Online arts-based educational resources for children in hospital: the Rocket-Arts project in response to COVID-19
Sextou, P. 2021. Online arts-based educational resources for children in hospital: the Rocket-Arts project in response to COVID-19. United Kingdom Arts & Health South West in association with The University of the West of England (UWE), Tampere University Finland, University College London and Nottingham University.
Since March 2020, artists have lost their access to patients on NHS sites in the U.K. causing arts-based projects to pause indefinitely across the country due to Covid-19. Creative ways had to be implemented to help young patients access the arts during isolation. This presentation focuses on children-patients as audiences and introduces ‘Rocket-arts online’ at Birmingham Children’s Hospital (BCH). Rocket-arts online is an innovative variation of arts-based theatre practice for children in hospital that has been adapted as a result of the pandemic. The paper reports of original empirical inquiry (case study) that investigates children’s engagement with learning through digital arts-based activities as a phenomenon within its real-life hospital context.
It is expected that children that miss curriculum work while being in hospital face difficulties in catching up with their class peers upon their school return. The Hospital Organisation of Pedagogues in Europe (HOPE) met in Barcelona in May 2000 and recommended the integration of pleasurable, playful, extra-curricular activities in the school curriculum to reform hospitalised children’s perceptions about learning during their stay in hospital. This presentation focuses on the provision of digital extra-curricular arts-based activities for children who are isolated at home or in hospital due to the pandemic. It aims to delve into its potential within learning opportunities for hospitalised children.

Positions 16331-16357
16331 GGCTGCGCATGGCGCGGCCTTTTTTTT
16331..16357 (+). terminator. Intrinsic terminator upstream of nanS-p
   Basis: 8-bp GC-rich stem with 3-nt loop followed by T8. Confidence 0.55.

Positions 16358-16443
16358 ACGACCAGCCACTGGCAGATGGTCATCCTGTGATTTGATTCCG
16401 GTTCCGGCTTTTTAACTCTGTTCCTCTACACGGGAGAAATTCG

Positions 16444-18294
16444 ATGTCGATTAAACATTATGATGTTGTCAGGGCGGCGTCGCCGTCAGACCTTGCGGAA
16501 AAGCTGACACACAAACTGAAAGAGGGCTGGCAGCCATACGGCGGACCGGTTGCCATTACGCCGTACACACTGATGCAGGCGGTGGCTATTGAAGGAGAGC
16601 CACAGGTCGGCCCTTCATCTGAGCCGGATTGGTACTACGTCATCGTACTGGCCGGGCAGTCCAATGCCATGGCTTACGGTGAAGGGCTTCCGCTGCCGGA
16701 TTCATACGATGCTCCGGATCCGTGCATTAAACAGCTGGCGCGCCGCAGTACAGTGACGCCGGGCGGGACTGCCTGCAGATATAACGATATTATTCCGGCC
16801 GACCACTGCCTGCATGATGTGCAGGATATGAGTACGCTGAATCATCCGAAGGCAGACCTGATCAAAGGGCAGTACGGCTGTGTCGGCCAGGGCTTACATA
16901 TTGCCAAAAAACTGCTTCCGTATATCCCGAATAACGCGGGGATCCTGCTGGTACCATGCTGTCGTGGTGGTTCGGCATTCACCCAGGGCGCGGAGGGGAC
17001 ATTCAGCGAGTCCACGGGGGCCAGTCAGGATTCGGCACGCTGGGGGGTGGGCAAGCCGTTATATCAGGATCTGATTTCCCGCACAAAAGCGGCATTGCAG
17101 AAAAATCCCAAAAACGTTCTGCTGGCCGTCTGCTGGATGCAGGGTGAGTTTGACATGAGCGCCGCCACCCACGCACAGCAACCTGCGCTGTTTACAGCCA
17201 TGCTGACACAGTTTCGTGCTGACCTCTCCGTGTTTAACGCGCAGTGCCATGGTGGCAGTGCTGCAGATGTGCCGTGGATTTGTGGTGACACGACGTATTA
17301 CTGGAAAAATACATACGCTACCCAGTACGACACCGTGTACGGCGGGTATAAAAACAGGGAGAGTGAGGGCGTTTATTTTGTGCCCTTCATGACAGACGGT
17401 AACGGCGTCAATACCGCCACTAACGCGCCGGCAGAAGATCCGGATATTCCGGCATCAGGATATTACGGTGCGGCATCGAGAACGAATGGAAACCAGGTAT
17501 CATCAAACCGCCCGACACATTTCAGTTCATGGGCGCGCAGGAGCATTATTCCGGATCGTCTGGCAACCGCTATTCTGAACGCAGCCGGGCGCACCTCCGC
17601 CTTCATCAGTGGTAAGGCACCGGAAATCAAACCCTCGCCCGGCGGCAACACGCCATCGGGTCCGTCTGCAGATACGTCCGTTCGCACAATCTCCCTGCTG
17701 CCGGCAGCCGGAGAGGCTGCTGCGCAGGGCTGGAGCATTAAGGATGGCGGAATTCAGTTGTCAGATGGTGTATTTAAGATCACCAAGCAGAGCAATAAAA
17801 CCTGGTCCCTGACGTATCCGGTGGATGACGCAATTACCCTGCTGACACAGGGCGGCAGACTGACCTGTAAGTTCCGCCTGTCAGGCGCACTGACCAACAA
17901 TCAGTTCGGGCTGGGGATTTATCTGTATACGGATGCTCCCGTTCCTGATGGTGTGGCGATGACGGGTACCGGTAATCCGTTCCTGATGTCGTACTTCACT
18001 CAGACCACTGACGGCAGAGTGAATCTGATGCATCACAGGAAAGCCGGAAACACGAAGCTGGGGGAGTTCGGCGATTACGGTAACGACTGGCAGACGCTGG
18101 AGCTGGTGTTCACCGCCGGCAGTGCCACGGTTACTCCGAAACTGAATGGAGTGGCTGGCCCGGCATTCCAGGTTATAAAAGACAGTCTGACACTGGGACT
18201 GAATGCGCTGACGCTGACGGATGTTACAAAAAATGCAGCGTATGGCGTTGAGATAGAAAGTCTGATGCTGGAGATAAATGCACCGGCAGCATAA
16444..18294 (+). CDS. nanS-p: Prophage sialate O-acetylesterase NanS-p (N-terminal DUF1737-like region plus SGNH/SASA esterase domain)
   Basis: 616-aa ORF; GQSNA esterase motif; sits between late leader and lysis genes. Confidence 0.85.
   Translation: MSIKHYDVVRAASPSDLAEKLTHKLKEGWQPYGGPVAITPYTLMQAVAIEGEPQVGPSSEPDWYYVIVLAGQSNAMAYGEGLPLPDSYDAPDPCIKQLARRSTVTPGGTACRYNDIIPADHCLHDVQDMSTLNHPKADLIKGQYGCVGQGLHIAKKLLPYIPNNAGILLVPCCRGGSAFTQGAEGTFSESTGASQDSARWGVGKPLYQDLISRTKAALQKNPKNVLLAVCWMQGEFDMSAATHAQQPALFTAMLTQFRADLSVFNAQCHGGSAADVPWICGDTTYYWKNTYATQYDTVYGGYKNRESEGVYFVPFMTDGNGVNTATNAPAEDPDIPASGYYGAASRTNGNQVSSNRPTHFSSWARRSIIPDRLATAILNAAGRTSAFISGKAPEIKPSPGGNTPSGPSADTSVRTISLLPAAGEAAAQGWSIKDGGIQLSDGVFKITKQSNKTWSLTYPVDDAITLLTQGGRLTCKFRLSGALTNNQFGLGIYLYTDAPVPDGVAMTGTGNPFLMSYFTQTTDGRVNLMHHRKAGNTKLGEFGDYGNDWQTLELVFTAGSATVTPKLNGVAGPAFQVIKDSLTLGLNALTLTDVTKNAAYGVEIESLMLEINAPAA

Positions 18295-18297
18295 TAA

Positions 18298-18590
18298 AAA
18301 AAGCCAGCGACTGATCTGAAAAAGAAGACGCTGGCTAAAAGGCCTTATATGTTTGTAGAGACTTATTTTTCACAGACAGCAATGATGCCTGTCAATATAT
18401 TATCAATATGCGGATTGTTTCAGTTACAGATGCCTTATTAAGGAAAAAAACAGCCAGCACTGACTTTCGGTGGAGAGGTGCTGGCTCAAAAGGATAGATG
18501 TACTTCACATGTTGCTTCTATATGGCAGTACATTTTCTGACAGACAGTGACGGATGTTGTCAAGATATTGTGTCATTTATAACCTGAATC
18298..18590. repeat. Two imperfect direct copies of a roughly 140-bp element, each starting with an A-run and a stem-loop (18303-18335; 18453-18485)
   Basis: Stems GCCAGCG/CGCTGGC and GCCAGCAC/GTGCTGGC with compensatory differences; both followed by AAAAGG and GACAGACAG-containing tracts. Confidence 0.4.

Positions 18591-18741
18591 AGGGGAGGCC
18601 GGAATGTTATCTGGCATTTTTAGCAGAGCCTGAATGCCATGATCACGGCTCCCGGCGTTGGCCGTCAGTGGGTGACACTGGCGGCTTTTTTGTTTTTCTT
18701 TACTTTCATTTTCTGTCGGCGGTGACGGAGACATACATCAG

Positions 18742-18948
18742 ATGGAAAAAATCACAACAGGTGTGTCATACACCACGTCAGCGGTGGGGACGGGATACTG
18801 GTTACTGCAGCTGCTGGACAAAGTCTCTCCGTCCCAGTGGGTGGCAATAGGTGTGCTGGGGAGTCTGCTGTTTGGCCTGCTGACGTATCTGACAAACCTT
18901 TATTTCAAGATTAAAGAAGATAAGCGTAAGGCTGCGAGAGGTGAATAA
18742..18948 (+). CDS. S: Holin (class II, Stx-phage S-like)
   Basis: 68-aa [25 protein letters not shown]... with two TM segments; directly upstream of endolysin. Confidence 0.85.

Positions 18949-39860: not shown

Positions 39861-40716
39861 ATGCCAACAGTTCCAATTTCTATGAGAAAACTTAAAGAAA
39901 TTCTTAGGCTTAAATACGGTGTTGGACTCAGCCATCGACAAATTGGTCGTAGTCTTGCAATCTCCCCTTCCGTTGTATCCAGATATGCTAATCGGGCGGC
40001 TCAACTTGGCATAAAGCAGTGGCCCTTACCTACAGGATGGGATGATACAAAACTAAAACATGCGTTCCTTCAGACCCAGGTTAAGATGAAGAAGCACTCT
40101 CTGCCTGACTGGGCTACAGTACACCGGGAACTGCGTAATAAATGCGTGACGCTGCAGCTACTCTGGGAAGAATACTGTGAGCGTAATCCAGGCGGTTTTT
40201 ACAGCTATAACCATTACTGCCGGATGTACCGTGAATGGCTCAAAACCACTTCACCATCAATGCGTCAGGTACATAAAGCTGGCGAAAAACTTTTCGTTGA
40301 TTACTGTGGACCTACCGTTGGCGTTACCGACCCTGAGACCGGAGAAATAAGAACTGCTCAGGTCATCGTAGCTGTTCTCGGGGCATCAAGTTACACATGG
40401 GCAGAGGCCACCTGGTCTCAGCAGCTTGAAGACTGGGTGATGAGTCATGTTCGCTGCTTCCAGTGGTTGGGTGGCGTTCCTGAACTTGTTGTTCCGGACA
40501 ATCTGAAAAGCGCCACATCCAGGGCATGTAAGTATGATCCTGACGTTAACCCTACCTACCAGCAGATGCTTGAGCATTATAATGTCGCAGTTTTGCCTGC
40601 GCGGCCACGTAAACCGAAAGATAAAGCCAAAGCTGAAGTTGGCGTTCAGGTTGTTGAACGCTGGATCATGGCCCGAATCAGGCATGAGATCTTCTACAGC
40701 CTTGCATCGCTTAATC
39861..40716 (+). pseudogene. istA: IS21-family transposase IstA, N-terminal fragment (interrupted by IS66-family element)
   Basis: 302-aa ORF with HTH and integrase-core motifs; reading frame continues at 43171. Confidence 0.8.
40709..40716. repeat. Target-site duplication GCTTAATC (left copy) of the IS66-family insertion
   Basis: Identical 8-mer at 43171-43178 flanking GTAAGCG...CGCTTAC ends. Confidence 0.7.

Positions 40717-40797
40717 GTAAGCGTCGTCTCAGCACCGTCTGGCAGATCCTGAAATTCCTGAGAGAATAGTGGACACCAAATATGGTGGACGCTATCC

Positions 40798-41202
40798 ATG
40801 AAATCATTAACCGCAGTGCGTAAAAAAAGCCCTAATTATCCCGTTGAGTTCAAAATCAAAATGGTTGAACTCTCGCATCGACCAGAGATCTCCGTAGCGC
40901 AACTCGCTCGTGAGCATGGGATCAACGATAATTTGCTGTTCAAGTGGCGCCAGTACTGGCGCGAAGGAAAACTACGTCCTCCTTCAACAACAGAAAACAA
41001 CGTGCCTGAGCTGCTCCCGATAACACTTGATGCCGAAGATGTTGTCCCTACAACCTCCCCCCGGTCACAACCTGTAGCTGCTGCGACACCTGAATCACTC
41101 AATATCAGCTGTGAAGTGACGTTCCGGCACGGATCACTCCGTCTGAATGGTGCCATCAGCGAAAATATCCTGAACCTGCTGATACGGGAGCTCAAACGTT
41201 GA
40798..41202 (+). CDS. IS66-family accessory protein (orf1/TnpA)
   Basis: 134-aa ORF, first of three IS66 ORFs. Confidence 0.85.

More specifically, the Community & Applied Drama Laboratory (CADLab) at Newman University followed advice and guidance from the government, the World Health Organisation and Public Health England and NHS to enable sick children access the arts remotely during their time in hospital. We adapted the mode of delivery of Rocket-arts from a bedside face-to-face object theatre with storytelling intervention to a digital film-based project. We produced child-friendly online resources based on the initial story such as animated cartoon films and interactive worksheet literacy activities.
It has been chosen as a case study because of (a) the inherent interest of the covid-19-related circumstances of isolation surrounding it and (b) the researcher’s in-depth local knowledge of context, setting and circumstances. The paper aims to offer reasoned lines of explanation about the importance of accessing the arts online to child wellbeing and engagement with learning when face-to-face interaction with artists is prohibited.
|Keywords||Arts; Health; Paediatrics; Children; Digital arts; Education|
|Publisher||Arts & Health South West in association with The University of the West of England (UWE), Tampere University Finland, University College London and Nottingham University|
|08 Jun 2021|
|Publication process dates|
|Deposited||03 Aug 2021|
|Place of publication||United Kingdom|
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